ON GREEK TRAGEDY (AND WELSH MARTYRDOM)
Nick Fuller, who provided so much great information to me last time about the Mysteries of Eleusis and the Demeter/Persephone myth, calls our attention to the doomed figures in the House of Atreus:
"The legends of the Atrides hung brooding over the heavy, broken walls of the Lion Gate, and round the unguarded graves. The dark passion of Clytemnestra, the anguish of young Orestes, made heavy the lowering atmosphere, soaked beyond bearing already, with the heat of the dead air before a storm.
Sir Rudri was not [Mrs Bradley's] only source of anxiety. The little boys, bored, and tired… had been by turns listless and tiresome. Alexander Currie had been severely attacked by flies… Armstrong, too, was a perpetual menace… and Gelert had given up any attempt at cheerfulness…"
"In the 13th century, Llywelyn, prince of North Wales, had a palace at Beddgelert. One day he went hunting without Gelert "the faithful hound" who was unaccountably absent. On Llywelyn's return, the truant, stained and smeared with blood, joyfully sprang to meet his master. The prince, alarmed, hastened to find his son, and saw the infant's cot empty, the bedclothes and floor covered with blood. The frantic father plunged the sword into the hound's side thinking it had killed his heir. The dog's dying yell was answered by a child's cry. Llywelyn searched and discovered his boy unharmed but nearby lay the body of a mighty wolf which Gelert had slain. The prince, filled with remorse, is said never to have smiled again. He buried Gelert here. The spot is called Beddgelert."
ON STORY SATISFACTION
From Nick: "The Mycenae section is stifling and oppressive. The attempted sacrifice is one of my favourite scenes in Mitchell; Mrs Bradley, "like some ancient prophetess", menaces Sir Rudri "with her hideous, leering lips". Mitchell often hints that Mrs Bradley is more than mortal. She's compared here to the Pythoness of Delphi; in other books, she's a witch (Tom Brown's Body), or the crone aspect of the Triple Goddess (The Whispering Knights)."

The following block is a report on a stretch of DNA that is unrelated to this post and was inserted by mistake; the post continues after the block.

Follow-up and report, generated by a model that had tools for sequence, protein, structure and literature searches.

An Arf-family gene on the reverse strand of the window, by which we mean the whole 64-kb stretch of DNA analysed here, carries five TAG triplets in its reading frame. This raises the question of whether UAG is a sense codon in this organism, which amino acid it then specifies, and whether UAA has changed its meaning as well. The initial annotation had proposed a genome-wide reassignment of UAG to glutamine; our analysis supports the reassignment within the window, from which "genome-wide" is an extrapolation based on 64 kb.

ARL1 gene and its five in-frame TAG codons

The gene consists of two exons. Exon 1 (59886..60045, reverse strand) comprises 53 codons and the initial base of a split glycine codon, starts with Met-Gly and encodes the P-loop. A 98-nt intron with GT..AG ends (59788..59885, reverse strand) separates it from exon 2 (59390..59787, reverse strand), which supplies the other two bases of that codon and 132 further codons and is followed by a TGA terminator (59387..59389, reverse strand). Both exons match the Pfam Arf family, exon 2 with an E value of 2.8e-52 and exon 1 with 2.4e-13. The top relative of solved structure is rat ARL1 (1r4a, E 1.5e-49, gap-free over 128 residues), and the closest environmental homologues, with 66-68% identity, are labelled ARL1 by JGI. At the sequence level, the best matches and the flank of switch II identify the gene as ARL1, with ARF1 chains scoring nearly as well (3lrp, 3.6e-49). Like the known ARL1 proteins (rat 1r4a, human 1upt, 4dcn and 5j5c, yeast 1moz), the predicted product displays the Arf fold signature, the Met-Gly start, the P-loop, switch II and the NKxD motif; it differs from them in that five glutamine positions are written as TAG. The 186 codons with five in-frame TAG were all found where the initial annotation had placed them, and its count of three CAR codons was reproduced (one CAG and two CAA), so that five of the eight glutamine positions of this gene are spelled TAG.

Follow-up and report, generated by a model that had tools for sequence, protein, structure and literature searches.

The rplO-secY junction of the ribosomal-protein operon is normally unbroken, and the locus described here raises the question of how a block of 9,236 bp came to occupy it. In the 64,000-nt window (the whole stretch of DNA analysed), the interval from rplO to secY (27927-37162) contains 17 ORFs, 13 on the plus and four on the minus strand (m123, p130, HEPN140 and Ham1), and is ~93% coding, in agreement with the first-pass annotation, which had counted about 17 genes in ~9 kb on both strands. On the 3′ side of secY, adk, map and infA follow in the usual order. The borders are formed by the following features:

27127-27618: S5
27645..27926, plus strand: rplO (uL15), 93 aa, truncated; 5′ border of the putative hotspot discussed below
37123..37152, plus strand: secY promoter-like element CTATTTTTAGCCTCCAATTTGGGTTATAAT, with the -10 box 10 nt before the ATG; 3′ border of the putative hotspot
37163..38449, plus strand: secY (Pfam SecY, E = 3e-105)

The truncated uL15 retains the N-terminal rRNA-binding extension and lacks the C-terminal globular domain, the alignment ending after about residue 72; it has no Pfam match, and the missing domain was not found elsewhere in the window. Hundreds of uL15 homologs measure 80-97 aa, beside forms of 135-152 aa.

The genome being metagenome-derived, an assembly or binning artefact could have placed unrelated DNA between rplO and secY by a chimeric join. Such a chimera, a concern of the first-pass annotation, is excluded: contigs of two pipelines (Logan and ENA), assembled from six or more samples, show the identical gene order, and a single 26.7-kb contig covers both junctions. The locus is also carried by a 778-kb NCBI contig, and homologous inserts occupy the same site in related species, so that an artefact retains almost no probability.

Our previous group of chapters ended with an act of violence against Armstrong, the photographer with blackmailing tendencies, and now, at the end of Chapter 10, there is another moment of impromptu violence, this one involving a knife fight between Gelert and an angry Greek man. Given that pattern, one can reasonably expect Chapter 15 not to end happily…
Another interesting detail is that Gladys Mitchell has purposely varied the size of her chapters here. (In most of her mysteries they are fairly uniform.) Martyn observes that "a formal pattern is suggested by the lengths of the chapters. Up to now, they have been long and leisurely, subdivided into numbered sections. Now, suddenly, in this tenth chapter, it is all over after just four pages. The preceding chapter also stretched to only six. Glancing ahead (without reading!), Chapter 11 reaches up to nine, Chapter 12 makes it to five at a pinch, Chapter 13 hardly gets to page 3, while Chapter 14 recovers to achieve a more familiar extent. Does this compression portend an acceleration of action, of significant events, of that long-awaited crime?"
More from Martyn: "The symmetry of the groups of five chapters and the succession of brief chapters suggest GM is playing with the structure of her tale. It reminded me (vaguely, because I read it long ago in the last century) of Henry Fielding’s Tom Jones where the central chapters of his huge novel cover the shortest periods of time in his narrative – the opening and closing chapters extend over years but at the heart of the book they cover only hours. I may be wrong on the precise timings, but the pattern is definitely there."
ON THE SNAKES AND THE SLEUTH
Martyn adds on: "The short early morning scene with the boys and the snakes makes me feel that GM could have written some great adventure stories for children. Incidentally, Mrs Bradley displays perfect (and fitting) sangfroid in her dealings with the serpents, entering with one coiled about her skinny arm – they even share a similar grin."
My note to Martyn's children story mention: she did write some entertaining, if not too remarkable, adventure stories with young readers in mind. The closest in spirit with the boys of this book may be 1940's The Three Fingerprints, where a trio of curious lads finds themselves investigating Nazi spies and avoiding an alligator in the course of their travels!
Next week we look at Chapters 11 through 15. Fewer pages but closer to that inevitable murder...